Hi. I’m Kristy Andersen. I’m an award-winning Florida documentary producer and my work can be seen on local and national television, as well as in Florida tourist spots. Here’s a bit about me.
I worked in television stations in Tampa and Washington, D.C before my first venture into long-form film and video – the acclaimed Bay Bottom Blues in 1985. It won an EMMY nomination and helped to spearhead efforts to clean up and restore Tampa Bay. With that film, I was hooked on documentaries. The film, with its focus on tiny sea grasses, established my signature style of bringing a creative angle to an under-explored or under-appreciated topic.
After that film I began a newsletter, Bay Bottom News, to help raise money and support for my next film, Tampa Bay Oasis. While I had previously emphasized the problems in Tampa Bay, I thought it would be good to focus next on the marine life in Tampa Bay. So I spent an entire year with a terrific film crew, following birders, fishermen, scientists, and environmentalists, all working to document and preserve the bay’s manatees, dolphins, sea and shore birds, alligators, clams, sponges, fish, and all the creatures in the bay. Bay Bottom News then became the name of my corporation.
More environmental documentaries followed. Shifting Sands explored Florida’s eroding shoreline. But it was Sea Turtles Last Dance that holds a special place in my heart. That film brought to light the problems facing the endangered kemps’ ridley turtles, whose future rested solely in the hands of Congress and commercial shrimp trawlers. My EMMY award-winning documentary, broadcast nationwide, used rare 1947 archival footage to show the turtles’ drastic decline from that time to its contemporary numbers. The film prodded legislation two years later to protect the turtles, ordering shrimpers to take measures and change their fishing gear. The turtles numbers have been slowly gaining ground, but they still face obstacles and hurdles.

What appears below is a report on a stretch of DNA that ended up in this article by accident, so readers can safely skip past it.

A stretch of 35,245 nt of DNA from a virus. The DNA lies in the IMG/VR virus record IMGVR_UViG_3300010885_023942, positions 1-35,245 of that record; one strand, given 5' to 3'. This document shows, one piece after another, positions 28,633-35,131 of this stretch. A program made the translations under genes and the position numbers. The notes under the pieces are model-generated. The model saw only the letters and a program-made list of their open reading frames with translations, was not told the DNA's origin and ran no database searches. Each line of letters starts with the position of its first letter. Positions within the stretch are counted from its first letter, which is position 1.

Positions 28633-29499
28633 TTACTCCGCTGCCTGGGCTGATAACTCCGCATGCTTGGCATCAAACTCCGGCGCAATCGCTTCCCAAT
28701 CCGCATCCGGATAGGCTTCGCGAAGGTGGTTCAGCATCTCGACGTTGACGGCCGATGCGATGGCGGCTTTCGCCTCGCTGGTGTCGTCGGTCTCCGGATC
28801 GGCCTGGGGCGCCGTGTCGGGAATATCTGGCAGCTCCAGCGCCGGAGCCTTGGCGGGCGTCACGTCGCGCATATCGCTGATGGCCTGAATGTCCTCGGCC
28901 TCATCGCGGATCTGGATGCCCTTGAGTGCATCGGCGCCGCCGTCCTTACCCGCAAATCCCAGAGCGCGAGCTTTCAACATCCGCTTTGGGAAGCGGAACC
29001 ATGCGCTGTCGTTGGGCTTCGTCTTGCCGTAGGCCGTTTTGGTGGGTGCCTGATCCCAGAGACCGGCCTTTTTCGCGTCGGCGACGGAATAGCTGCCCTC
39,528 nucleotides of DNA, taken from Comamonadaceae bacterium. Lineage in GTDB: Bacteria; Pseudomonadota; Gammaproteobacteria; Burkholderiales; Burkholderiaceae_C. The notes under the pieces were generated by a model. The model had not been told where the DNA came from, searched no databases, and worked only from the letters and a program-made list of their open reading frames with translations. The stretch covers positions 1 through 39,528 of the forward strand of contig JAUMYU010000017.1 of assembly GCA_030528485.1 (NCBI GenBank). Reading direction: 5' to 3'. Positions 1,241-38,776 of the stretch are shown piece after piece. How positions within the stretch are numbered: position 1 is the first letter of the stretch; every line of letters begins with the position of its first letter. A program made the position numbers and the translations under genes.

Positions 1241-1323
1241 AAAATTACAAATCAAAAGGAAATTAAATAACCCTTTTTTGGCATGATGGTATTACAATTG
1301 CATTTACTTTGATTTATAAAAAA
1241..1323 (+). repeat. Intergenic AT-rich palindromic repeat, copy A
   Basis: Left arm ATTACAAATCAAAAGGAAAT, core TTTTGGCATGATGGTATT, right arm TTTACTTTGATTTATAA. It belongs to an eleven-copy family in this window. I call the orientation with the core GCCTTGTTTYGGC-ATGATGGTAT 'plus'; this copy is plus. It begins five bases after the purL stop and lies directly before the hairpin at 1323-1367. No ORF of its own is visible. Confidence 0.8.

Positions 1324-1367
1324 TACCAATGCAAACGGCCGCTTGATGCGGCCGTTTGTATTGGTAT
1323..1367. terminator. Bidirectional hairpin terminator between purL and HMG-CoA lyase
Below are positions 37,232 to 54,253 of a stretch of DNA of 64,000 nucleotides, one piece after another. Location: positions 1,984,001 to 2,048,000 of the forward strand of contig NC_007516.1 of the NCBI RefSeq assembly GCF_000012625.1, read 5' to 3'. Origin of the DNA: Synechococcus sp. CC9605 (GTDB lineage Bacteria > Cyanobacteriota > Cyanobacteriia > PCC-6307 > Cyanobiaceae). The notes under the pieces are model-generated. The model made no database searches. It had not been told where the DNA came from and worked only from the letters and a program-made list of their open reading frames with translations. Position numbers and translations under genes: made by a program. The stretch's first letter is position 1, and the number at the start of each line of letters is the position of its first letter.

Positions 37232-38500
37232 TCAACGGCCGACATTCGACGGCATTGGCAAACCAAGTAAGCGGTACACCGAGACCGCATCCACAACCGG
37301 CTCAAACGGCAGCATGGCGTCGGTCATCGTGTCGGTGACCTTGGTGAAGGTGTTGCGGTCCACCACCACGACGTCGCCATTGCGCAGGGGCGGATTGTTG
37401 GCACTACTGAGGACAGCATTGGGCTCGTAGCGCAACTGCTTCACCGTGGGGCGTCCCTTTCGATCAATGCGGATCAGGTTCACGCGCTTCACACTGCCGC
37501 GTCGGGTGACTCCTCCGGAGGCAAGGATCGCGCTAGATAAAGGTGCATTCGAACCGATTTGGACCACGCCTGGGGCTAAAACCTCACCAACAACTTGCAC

Churchill Roberts at the University of Florida Documentary Institute flattered me by his proclamation about my next film – it was a “tour de force”, he said. But when I began ZORA NEALE HURSTON: JUMP AT THE SUN 18 years before Churchill saw it, there was always an uphill battle for funding. Funders would ask, Zora who? Then as I began to gather support, Zora’s star began to shine. While a film about Zora at one time seemed such a long shot – I was able to slowly bring attention to Florida’s famous storyteller and folklorist, the author of the classic novel Their Eyes Were Watching God. And eventually my efforts were joined by those of veteran producer Sam Pollard and film editor Marian Hunter, and the talented Executive Producer Susan Lacy at WNET’s American Masters. And ZORA NEALE HURSTON: JUMP AT THE SUN was finally broadcast nationwide on PBS in 2008, to critical acclaim.
I’m currently working on a few broadcast film projects, and I’m always looking for opportunities in new media. I love the tiny Flip Camera with its ability to film in almost any environment and then “broadcast” immediately on YouTube, Facebook, and other social media.
I welcome queries for any projects, big or small. It’s always fun to hear from fellow filmmakers and potential clients. Until then, I’ll see you at the movies!